Multimedia Environment and Gender, in Motor-Rhythmic Performance of a Dance Routine with Ball, Accompanied by an Adjusted Music Composition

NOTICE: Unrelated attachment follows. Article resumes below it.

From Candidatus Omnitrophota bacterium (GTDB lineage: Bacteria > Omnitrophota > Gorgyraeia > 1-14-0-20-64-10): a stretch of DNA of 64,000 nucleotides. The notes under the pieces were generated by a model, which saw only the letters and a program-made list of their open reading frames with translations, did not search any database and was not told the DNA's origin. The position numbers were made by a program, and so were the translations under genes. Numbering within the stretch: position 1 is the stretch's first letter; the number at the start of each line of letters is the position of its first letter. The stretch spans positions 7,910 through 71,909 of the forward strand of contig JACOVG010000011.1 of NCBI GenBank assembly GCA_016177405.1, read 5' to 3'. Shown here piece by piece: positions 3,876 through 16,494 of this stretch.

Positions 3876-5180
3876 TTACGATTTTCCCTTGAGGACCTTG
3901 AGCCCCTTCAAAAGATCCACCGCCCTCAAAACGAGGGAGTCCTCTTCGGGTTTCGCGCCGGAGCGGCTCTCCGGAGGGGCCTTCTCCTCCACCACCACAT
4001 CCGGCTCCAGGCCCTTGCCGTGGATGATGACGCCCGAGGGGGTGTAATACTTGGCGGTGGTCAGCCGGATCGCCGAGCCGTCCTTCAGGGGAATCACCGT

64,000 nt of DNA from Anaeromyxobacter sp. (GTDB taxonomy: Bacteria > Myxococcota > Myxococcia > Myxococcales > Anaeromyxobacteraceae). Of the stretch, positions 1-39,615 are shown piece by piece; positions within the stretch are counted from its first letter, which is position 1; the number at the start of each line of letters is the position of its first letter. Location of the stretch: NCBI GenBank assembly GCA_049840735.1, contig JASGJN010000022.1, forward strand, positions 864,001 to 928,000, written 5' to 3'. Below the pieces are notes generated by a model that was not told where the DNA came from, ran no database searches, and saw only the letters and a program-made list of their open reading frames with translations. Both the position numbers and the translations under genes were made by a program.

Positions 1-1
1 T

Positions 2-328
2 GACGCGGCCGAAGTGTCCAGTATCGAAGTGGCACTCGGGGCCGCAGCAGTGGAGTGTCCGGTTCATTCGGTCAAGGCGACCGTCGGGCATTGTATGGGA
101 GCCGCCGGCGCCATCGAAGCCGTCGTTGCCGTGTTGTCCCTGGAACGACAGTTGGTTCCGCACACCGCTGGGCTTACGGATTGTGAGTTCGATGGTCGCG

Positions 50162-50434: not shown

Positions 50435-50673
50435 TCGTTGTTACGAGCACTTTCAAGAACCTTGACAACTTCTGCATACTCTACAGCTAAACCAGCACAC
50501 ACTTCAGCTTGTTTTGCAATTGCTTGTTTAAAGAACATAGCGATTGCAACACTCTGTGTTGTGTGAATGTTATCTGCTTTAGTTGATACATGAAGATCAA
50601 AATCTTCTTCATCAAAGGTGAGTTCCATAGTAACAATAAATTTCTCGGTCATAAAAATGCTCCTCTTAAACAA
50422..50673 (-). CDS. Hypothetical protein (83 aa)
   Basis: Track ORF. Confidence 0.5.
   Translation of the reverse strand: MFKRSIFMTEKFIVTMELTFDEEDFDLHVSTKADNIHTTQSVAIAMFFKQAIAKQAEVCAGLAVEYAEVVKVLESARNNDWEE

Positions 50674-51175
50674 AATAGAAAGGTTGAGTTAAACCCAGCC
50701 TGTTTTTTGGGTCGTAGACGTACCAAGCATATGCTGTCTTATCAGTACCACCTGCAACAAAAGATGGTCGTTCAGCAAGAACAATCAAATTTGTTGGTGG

The principal objective of this study is the effect of using of an online-multimedia environment and that of gender on learning and performing a motor-rhythmic routine with a ball followed by a customized music composition towards students of DPESS. Seventy six (76) sophomore students took place in the examination (43 men and 33 women), randomly divided into two groups consisting of an equal number of students. The examinees attended university courses of rhythmic gymnastics regarding the routine with the ball, for four weeks. Along with the physical practice of the routine in the classroom, the experimental group could make use of an online-multimedia environment, which consisted of videos, images and audio of the routine for extra feedback, whereas the control group could only practice physically. The routine contained 31 main body movements (swings, turns, balances, jumps, etc.) along with handling a ball (rolls, throws, bounces, etc.). Each student attempted performing the motor-rhythmic routine with music both at the beginning and the end of the interventions. Every performance was videotaped so as to evaluate each individual movement and rhythmic skill. According to the results of the final evaluation both groups improved significantly, compared to the first performance both in movement and rhythm. In more detail, the paired-samples t-tests showed that there was a significant difference between the pre-test and post-test in the motor and rhythmic performance. In addition, the results of the independent-samples t-tests showed that the difference in the improvement of the motor and rhythmic performance was not significantly important towards the group and gender. To sum up, the students advance in their performance of the motor-rhythmic routine with a ball, in movement and rhythm, having had no significant effect from the use of an online-multimedia environment or from their gender. Thus the physical practice alone seems to be equally effective towards the improvement of the motor and rhythmic performance. Furthermore, the rhythmic performance of the students seemed to lack improvement compared to the motor performance, according to the results. Therefore, there may be a possibility that teaching basic motor skills is more effective by inducting the motor component first and then adding the rhythmic elements. Such a teaching process could impact future research.
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